First Sunday in Lent
I need to begin with a confession—which is probably appropriate on the first Sunday in Lent. I need to acknowledge that I’ve spent way too much time thinking about what spiritual discipline I would adopt for Lent this year. I’ve considered whether a strict diet or a more regular gym regimen would be more fitting. Or some kind of a combination. I’ve thought about giving up a meal a week and contributing to a hunger charity the money I would have spent on it. I’ve weighed the pros and cons of adding journaling, more theological reading, or other good deeds to my daily schedule. And on and on. I won’t bore you with the whole list, but let me tell you, I’ve been quite worked up about this. I got so caught up in finding the right way to honor Lent that I almost ended up missing the whole point in the process.
I’d fallen into the trap of making this 40-day journey all about me. I got so caught up in thinking about how to improve my behaviors, my faith, my SELF that I nearly domesticated Lent into some kind of self-improvement plan, which is surely not its true purpose. Which begs the question, what is the true purpose of Lent?
The season of Lent is the 40 days preceding Easter, intentionally mirroring the 40 days Jesus spent in the wilderness. And it’s plain to see in Matthew’s description of that event that the temptations Jesus experienced in the wilderness had very little to do with whether or not he was going to lose 20 lbs. or spend less time on Facebook or walk by every slice of pizza presented to him. The root of the temptations Jesus endured—much like the ones Adam and Eve struggled with in our first reading from Genesis—had everything to do with identity.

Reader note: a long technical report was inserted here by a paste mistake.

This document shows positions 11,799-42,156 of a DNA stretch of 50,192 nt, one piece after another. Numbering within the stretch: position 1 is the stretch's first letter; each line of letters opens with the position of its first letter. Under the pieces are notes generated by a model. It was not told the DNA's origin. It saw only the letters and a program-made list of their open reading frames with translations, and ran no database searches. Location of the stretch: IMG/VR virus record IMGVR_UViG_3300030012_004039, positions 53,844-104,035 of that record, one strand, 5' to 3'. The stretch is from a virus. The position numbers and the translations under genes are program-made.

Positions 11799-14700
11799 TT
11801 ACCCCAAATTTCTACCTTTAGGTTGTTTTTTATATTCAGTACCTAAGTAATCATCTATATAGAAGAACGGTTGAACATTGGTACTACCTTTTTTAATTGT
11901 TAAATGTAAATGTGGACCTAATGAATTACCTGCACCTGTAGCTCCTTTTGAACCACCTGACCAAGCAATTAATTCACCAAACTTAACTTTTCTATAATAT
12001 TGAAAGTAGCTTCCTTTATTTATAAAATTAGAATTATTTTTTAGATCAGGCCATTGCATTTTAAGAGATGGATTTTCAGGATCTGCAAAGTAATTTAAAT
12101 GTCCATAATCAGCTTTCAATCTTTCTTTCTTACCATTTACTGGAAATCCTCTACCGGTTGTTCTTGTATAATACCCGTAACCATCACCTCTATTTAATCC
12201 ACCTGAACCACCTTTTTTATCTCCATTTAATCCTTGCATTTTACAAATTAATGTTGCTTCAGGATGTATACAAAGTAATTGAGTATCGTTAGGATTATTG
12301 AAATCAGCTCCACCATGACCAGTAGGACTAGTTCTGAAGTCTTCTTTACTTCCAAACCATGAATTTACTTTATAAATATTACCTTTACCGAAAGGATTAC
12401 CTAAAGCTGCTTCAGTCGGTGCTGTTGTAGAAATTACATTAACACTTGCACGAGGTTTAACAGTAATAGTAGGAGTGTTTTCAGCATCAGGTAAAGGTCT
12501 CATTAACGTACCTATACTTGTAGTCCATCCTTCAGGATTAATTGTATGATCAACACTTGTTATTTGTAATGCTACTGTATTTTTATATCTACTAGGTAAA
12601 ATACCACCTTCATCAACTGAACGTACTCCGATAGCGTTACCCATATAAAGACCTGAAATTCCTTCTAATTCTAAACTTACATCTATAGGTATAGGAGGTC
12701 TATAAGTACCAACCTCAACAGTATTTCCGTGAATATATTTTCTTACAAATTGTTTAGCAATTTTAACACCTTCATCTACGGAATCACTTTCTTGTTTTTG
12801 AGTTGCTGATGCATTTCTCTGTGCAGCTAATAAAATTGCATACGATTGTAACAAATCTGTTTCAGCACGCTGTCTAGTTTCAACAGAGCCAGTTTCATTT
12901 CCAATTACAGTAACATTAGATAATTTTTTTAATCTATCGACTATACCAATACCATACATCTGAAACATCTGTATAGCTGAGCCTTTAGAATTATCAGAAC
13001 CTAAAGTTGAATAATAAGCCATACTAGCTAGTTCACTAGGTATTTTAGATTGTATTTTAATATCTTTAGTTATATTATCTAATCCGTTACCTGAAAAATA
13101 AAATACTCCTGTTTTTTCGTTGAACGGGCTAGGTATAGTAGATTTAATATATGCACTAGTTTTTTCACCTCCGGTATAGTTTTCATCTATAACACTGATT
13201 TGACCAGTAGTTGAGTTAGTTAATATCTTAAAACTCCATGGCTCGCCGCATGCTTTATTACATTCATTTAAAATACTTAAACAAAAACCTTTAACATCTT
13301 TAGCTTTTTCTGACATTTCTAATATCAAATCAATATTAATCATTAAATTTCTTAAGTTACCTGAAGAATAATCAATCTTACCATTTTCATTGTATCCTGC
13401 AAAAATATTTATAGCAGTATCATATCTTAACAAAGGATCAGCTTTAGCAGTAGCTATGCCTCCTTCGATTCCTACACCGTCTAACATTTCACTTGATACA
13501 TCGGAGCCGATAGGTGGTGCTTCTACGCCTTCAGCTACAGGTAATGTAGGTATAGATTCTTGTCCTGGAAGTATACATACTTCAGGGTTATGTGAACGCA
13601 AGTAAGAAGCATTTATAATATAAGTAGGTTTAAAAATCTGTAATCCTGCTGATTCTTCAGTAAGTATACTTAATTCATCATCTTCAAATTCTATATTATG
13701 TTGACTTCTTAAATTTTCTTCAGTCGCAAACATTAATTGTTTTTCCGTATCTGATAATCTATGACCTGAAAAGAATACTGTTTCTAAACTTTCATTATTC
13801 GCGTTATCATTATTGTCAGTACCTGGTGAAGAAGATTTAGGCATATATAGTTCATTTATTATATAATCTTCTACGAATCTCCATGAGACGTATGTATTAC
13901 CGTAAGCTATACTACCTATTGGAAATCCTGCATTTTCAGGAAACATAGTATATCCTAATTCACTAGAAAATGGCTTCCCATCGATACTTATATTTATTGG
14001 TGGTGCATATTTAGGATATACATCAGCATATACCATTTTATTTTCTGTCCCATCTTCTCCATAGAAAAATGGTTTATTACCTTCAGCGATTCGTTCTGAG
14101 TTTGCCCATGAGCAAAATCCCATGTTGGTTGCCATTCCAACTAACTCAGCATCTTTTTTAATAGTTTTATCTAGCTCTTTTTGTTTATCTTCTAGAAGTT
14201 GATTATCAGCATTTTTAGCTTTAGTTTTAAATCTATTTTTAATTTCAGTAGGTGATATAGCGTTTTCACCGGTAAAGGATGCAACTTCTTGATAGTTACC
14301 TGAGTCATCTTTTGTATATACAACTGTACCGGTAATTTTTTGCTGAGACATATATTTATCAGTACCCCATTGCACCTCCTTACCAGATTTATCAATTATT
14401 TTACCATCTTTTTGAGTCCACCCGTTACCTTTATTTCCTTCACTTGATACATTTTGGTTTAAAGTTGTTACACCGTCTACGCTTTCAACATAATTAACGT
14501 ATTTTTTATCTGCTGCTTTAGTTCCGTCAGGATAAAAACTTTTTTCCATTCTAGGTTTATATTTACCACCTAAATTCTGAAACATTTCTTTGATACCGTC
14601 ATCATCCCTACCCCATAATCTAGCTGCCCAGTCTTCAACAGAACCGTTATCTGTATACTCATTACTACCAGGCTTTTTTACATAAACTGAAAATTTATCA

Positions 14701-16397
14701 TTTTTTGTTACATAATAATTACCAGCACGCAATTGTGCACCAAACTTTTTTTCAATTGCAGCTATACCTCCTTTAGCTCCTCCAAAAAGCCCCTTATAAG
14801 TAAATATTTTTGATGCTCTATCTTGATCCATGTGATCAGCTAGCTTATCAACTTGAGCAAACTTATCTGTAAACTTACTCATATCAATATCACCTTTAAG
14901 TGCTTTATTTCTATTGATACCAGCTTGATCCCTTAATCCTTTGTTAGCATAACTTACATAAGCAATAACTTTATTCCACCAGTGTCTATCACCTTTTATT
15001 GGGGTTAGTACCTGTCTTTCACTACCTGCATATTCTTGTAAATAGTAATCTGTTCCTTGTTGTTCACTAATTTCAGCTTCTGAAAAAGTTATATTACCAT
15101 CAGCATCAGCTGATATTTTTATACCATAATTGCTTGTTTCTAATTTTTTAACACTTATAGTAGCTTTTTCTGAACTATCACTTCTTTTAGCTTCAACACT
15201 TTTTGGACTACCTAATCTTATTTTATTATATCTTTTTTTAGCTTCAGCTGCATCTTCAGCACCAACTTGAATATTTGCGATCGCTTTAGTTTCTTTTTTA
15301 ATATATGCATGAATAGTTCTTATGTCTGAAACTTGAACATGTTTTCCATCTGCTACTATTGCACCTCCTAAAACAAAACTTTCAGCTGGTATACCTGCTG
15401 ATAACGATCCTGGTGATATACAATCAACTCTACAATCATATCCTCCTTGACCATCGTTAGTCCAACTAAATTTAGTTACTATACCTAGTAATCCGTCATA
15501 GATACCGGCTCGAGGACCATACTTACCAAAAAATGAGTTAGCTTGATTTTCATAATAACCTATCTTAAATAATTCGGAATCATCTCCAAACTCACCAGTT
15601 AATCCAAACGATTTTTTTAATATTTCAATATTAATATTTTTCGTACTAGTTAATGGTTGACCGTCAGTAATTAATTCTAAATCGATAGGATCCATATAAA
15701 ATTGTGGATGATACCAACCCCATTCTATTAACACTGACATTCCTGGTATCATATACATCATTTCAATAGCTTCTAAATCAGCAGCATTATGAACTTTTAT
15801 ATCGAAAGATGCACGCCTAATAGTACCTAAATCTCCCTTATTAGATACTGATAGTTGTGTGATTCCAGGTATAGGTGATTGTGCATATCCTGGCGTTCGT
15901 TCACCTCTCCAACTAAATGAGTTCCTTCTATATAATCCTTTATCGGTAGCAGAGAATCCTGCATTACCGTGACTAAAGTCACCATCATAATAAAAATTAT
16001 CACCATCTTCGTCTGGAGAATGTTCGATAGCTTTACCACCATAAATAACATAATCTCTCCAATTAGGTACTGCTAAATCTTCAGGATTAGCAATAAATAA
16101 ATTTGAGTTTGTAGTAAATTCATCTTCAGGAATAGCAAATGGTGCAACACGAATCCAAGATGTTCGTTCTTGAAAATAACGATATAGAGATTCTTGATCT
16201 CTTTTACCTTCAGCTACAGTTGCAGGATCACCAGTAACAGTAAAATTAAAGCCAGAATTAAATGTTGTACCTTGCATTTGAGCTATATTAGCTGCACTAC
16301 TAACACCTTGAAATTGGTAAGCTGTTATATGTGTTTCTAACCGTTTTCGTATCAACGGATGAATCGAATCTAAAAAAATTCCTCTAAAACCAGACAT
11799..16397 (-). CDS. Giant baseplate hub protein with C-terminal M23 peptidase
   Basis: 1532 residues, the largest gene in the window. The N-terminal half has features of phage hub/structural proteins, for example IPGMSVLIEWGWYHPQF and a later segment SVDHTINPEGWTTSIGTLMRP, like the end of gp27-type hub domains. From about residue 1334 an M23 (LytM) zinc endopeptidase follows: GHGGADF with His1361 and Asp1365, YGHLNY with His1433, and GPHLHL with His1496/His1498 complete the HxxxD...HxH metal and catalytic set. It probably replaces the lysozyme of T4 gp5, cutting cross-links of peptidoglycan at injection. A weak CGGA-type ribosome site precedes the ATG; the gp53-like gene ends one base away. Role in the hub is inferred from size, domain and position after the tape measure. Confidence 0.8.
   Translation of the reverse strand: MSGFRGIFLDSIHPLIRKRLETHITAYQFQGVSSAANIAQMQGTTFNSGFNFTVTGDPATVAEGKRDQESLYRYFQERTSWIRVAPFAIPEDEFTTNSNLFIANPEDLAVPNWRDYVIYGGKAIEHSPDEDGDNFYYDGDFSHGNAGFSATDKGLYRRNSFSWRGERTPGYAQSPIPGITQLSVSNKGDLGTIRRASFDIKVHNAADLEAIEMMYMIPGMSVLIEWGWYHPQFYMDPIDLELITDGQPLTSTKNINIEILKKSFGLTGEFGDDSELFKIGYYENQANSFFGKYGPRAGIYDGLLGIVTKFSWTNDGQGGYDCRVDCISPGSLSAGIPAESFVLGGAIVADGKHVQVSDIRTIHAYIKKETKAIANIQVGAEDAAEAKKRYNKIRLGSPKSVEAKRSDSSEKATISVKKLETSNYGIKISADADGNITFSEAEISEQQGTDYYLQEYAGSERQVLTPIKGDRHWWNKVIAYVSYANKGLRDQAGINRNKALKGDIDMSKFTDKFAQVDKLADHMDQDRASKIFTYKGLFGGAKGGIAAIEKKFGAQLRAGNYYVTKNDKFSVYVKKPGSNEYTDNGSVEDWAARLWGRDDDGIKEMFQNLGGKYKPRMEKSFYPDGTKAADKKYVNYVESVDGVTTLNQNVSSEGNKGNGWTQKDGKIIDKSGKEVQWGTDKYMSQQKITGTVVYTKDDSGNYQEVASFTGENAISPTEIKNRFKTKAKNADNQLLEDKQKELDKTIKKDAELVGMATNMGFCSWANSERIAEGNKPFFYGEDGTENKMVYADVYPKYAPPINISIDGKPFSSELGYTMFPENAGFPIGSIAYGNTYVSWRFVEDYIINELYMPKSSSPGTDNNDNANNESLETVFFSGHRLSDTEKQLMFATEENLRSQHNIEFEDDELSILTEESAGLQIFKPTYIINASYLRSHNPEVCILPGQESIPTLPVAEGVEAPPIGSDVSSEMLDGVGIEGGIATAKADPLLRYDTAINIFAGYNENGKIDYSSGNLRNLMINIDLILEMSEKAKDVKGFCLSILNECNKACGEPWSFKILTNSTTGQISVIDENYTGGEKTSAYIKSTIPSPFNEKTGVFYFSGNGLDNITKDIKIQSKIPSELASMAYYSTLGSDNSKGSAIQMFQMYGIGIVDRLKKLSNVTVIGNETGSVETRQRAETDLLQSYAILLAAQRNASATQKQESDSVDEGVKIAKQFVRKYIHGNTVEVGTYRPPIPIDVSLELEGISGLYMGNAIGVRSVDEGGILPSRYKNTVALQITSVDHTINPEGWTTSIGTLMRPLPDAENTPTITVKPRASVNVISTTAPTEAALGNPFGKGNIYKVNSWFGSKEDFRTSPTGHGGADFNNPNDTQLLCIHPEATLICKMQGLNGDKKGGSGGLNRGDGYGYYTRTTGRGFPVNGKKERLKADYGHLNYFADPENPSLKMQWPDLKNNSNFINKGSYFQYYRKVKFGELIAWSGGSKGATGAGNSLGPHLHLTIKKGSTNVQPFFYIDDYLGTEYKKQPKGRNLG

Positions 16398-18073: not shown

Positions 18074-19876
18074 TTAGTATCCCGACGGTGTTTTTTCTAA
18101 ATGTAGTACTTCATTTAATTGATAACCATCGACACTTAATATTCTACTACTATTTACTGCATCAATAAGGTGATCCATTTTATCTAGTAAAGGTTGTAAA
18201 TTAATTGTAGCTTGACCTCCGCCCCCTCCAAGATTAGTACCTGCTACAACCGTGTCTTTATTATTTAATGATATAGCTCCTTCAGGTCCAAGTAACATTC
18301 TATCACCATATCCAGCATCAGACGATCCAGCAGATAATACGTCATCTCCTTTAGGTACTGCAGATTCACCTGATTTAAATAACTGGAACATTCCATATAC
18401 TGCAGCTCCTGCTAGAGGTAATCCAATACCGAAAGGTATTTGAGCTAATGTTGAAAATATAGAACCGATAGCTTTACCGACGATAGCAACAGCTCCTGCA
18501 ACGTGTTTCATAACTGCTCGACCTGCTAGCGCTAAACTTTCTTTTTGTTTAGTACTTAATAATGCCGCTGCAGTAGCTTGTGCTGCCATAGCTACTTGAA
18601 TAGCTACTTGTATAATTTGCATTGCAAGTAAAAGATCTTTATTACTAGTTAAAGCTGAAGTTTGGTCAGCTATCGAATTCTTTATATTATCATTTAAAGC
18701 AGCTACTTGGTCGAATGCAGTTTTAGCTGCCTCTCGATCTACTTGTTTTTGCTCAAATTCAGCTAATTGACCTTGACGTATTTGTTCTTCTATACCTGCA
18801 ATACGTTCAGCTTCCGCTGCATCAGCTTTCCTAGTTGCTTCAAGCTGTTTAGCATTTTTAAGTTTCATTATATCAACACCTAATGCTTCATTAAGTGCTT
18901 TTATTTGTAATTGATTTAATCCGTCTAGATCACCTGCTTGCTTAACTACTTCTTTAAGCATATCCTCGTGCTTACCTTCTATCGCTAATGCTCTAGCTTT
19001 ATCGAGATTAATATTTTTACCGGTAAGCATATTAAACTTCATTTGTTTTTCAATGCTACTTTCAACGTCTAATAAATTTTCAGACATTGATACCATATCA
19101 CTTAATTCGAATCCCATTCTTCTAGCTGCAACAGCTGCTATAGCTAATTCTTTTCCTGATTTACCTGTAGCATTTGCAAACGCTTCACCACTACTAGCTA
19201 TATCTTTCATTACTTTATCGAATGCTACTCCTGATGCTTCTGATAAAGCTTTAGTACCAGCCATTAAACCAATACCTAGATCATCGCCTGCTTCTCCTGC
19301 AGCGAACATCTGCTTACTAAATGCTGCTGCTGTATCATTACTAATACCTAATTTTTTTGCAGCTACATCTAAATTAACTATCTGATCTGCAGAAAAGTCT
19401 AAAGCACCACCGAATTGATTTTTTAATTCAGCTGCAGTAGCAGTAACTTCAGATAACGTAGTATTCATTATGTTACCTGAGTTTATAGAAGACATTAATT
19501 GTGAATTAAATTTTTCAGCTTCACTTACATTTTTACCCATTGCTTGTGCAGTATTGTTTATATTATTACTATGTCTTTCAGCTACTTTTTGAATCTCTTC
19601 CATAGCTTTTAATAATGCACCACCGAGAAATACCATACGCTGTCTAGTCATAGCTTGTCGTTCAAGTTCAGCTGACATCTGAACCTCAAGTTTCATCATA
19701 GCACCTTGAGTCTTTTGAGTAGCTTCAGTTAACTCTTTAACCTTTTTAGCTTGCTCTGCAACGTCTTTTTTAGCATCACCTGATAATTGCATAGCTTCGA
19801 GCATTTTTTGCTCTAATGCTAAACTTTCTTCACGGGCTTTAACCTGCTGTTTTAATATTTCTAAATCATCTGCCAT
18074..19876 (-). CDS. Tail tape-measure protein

It’s important to remember that this story of his temptation immediately follows Jesus’ baptism, which concludes with the Holy Spirit leading Jesus into the wilderness. The heavens had just parted, and Jesus had just heard God’s affirmation, “This is my beloved son, and with him I am well-pleased.” The devil’s target, in the weeks that followed this declaration, is undermining Jesus’ security in that identity. The Tempter wants Jesus to feel so tenuous in his relationship with God that he would willingly test it by throwing himself off a mountain. Or go his own way, creating food for himself because God could not be trusted to provide for him. Or agreeing to the devil’s patronage and protection instead of God’s.
At each point of this struggle, Jesus is able to resist, not simply by quoting random passages of Scripture, but by quoting Scripture that reminds him of God’s trustworthiness and God’s constant care for him. He turns to the assurances of God’s promises to care for him and all God’s children. He turns again and again to his own identity as God’s beloved child to keep him grounded in this time of personal turmoil.
That’s exactly what Adam and Eve were not able to do in today’s reading from Genesis. When faced with temptation, they could not hang onto their identity as God’s beloved children. They forget whose they were and so lost who they were when the time of testing came. They gave in to mistrusting God and each other, accusing one another of being the reason their relationship with God and each other was in trouble.